So that’s the first little incident that Jesus is saying “NO” to the pressure to go and be a wonderful and popular healer.

The second little paragraph is where he suddenly comes face to face with a man who is sick – right in his path – and you would think having just read what we’ve read in those last verses – he’s going to walk around him and he’s going to say “No I just said a few minutes ago,I’m not going to be a popular healer”.

But of course here is a man right in his path,great needs and Jesus is full of compassion and we begin to realise that his conviction and his compassion fit beautifully together but the conviction rules the compassion which is exactly how it should be.  The conviction doesn’t move the compassion but it rules the compassion – they dance beautifully together.

When Paul Keating turned 70 years he had a birthday party. One of the stories that was told at the birthday party which I’ve read about (but I wasn’t at the party) was where Paul Keating who was then the Treasurer and Bob Hawke was the Prime Minister and Bill Kelty was the ACTU Secretary – the 3 of them went to Keating’s home to spend the day trying to work out how to implement very minimal increases to Union Wages.  And of course it was doomed from the start.

They spent the whole day arguing and they couldn’t come to any agreement or progress.  After a bit of this,Paul Keating apparently got up and left the room and went out.  He came back after a few minutes with a video.  Do some of you remember what a video is?  It is an old DVD – pushed it into his television and as they say there – onto the screen came Fred Astaire and Ginger Rogers (black and white picture) dancing.

And Bob Hawke turned to Bill Kelty and said “you know Paul Keating is mad,don’t you?”

What Keating was doing was he wasn’t just breaking the tension – he was actually saying ‘you have to learn to dance together’.  ‘You’ve got to work out how to balance and co-operate if there is going to be any progress’.

When we look at this first incident in Mark of this very strong conviction and then we come to the second paragraph which Mark places beautifully after it,we see that conviction and compassion balance and dance perfectly in Jesus’ life.  Because if you got to the end of the first paragraph and you said ‘gee he’s very harsh isn’t he?’ – this second paragraph shows us that he’s nothing of the kind. 

A leper comes up to Jesus in chapter 1 verse 40 and asks the question “Are you willing to make me clean”?  He doesn’t say “Can you make me clean”?  He knows that Jesus can make him clean. The question is – are you willing?  And Jesus full of compassion with this man right in front of him is never going to walk around him but he reaches out and he heals him.

Now when I think about the Church – the job of telling the gospel – which is not popular in the world,and I think about social action which is much more popular – I am greatly helped by these two paragraphs because we as a church must know exactly what we stand for.  Our primary job is to tell the message of Christ so that people will hear it,believe and have eternal life – that’s much more important than short term relief – even though short term relief is wonderful.  We’ve got to stay with our primary task which is the eternal gospel.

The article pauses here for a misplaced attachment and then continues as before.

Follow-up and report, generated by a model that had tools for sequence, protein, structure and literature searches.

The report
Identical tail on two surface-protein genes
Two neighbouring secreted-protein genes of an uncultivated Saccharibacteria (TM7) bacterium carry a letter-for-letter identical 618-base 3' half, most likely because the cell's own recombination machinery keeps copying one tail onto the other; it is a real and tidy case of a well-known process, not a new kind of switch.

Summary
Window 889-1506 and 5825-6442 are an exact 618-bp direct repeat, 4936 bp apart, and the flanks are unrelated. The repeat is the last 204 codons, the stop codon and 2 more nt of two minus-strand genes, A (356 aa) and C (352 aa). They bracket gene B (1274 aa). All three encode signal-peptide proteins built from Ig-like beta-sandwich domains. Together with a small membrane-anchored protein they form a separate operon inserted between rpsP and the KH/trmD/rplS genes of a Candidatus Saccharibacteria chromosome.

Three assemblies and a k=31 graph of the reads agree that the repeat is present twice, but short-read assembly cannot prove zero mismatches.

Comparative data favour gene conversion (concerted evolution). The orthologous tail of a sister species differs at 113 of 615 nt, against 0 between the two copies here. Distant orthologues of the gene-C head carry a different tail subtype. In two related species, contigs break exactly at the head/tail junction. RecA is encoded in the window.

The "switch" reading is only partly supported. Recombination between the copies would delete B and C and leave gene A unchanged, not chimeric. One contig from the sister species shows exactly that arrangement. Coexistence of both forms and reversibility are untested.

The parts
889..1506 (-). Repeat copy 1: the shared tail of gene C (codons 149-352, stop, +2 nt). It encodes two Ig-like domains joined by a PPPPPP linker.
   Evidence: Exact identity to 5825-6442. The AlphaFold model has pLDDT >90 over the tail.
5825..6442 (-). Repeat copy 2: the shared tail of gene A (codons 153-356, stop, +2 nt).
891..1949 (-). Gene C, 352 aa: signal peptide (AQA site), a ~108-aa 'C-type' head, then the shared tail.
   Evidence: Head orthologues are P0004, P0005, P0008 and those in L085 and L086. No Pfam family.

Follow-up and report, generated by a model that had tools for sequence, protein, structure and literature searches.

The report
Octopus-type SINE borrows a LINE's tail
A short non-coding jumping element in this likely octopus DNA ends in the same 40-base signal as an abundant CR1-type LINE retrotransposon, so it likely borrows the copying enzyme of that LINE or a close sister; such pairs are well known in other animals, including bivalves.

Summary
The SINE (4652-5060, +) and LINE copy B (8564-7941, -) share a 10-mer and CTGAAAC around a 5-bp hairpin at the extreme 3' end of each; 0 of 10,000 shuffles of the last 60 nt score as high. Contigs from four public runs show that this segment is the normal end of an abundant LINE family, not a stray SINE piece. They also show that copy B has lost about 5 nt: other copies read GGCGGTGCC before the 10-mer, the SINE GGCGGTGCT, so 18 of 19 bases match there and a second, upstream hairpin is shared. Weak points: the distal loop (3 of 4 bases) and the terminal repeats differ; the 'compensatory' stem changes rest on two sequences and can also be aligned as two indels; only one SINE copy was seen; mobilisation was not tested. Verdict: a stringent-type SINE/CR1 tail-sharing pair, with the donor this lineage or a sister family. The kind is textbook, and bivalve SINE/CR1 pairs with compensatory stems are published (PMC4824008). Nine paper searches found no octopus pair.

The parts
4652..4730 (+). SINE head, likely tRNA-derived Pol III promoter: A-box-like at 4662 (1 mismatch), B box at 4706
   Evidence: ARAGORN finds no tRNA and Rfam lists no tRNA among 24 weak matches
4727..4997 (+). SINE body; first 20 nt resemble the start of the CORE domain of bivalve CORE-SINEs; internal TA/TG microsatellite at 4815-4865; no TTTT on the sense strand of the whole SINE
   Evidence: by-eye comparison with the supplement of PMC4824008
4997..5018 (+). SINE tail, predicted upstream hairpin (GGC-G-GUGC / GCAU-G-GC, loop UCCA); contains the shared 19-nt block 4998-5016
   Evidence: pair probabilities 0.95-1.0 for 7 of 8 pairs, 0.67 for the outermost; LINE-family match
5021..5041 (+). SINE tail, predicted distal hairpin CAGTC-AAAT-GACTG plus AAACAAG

Having said that,when something presents itself right in our path,we would be very strange people if we were not compassionate. 

If this church was in Capetown,South Africa and you know what it is like to drive in Cape town and just head off to work and there are people just sitting by the side of the road waiting for work.  I would have thought one of the obvious things for the church is to try and work out how to contribute to that.  Multiply the story by thousands and you think of needy cities around the world.

It’s much more difficult for us in North Sydney to try to work out where North Sydney people need social help.  Because everything is sort of well covered and there is enough salaries to cover most of the basic problems.  But there are many deep underlying problems in North Sydney and we as a church need to work out what is staring us in the face,what is right in our path,where should we be compassionate?  But without losing the Gospel which is our primary responsibility.

Now to our second paragraph – (verses 40-45) Convicted Compassion –

So this leper has come up to Jesus making in a way a shock visit because the Old Testament law said a leper could not go near anybody.  The leper was not just physically in trouble but he was also socially ostracized and Leviticus chapter 13 said that he was to live alone and outside the community.  He was to warn people with very tattered and torn clothes and he was to cry out whenever he saw someone ‘UNCLEAN,UNCLEAN’ so that there was no contamination.  This was a very frightening disease in the 1st Century similar to I guess to the Ebola virus today.

This man walking therefore up to Jesus is contravening the Law of the Old Testament and he is engaging in what one writer calls “a provocative and offensive encounter”. 

How does Jesus respond (verse 41)?  –  with compassion.  Some of the Bibles say ‘with indignation’.  There are two possible words.  It’s either compassion or indignation.  I suspect both of them would fit.  Compassion for the sadness of this man and indignation that here is one of his creation in his world suffering the effects of the Fall.

And the answer to the question that the man asks – “Are you willing to make me well”? – is “I am willing – Be clean”.  Immediately the man is clean.

Now we know that Jesus for all his conviction about what he must do and must not sacrifice is still full of compassion.